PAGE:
By Ainur Rohmah
Tuban, Jubi – President Widodo says 40-kilometer road project to continue, after separatist group claims attack that killed 4 construction workers.
Indonesia’s president stressed Friday the government’s commitment to development projects in troubled Papua province, following the killing of four construction workers in an attack claimed by an armed separatist group.
President Joko Widodo — popularly known as “Jokowi” — said that while authorities found Tuesday’s violence “regrettable”, construction on the 40-kilometer road project to connect Sinak district to Mulia district would continue.
“We are not afraid of the obstacle,” Kompas.com quoted him saying as he stressed that the conflict-ridden region was in serious need of infrastructure.
The government of Widodo — who took office in Oct. 2014 following a populist campaign — is aiming to have all districts of Papua connected by roads by 2018.
Papua has been home to a low-level insurgency ever since the former Dutch colony was transferred to Indonesian rule in 1963.
Despite its wealth of resources, the province is among the most impoverished and has witnessed the arrest of political prisoners and alleged abuses by security forces over the decades.
Last year, the government allocated $460 million for infrastructure projects in Papua focusing on roads, bridges, irrigation and sanitation.
Widodo announced Friday that he had instructed security forces to tighten measures at the road construction site.
The slain workers were reportedly killed by an armed group blamed for an earlier attack on military personnel patrolling the area.
National Police Chief Badrodin Haiti said Thursday that authorities had identified the assailants as members of the same group that killed three police officers in an attack in Sinak last December, according to Detik.com.
Meanwhile, the spokesperson for the armed wing of the Free Papua Movement, the West Papua National Liberation Army, claimed responsibility for the March attacks.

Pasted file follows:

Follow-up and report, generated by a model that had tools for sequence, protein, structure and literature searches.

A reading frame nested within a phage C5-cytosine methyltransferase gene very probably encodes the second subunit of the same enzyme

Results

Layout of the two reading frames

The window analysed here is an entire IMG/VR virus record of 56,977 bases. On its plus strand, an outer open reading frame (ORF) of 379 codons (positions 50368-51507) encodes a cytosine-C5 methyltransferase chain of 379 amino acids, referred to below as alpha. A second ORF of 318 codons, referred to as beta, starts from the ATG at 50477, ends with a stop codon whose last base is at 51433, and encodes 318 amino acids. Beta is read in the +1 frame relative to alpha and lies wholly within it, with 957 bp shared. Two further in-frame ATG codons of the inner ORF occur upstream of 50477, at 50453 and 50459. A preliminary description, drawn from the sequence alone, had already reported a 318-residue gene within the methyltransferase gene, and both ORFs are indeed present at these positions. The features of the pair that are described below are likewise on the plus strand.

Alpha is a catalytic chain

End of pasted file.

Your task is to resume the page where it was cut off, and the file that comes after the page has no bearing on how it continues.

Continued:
“We hope that with this action, the Indonesian government can open up channels of dialogue to discuss the independence of Papua,” Kompas.com quoted Sebby Sambom as saying Friday.
“If officials and citizens become victims, it is the fault of the government that does not give us freedom,” he insisted, describing the actions as part of a gradual revolution.
Earlier this year, President Widodo instructed that the government deal with separatism through a “soft approach” involving dialogue and the possible granting of clemency and unconditional release to political prisoners, according to The Jakarta Post.
He, however, underlined that any resistance would be handled through a “hard approach”.
After the January cabinet meeting, Cabinet Secretary Pramono Anung had said the government would implement a similar strategy as that used in dealing with a separatist group in conservative northern Aceh province.
In 2005, the secular government and the Free Aceh Movement signed a peace deal ensuring that the region would be allowed to enforce a form of Sharia law.
During a visit to Papua in May 2015, Widodo pardoned five political prisoners in Papua and announced that foreign journalists would no longer need special permission for visits — which had also been restricted to human rights activists, aid workers and researchers.
The president has expressed hope that Indonesia’s past repressive security approach would be replaced with an approach prioritizing development and welfare. (*)
This piece was originally published over at Video News here.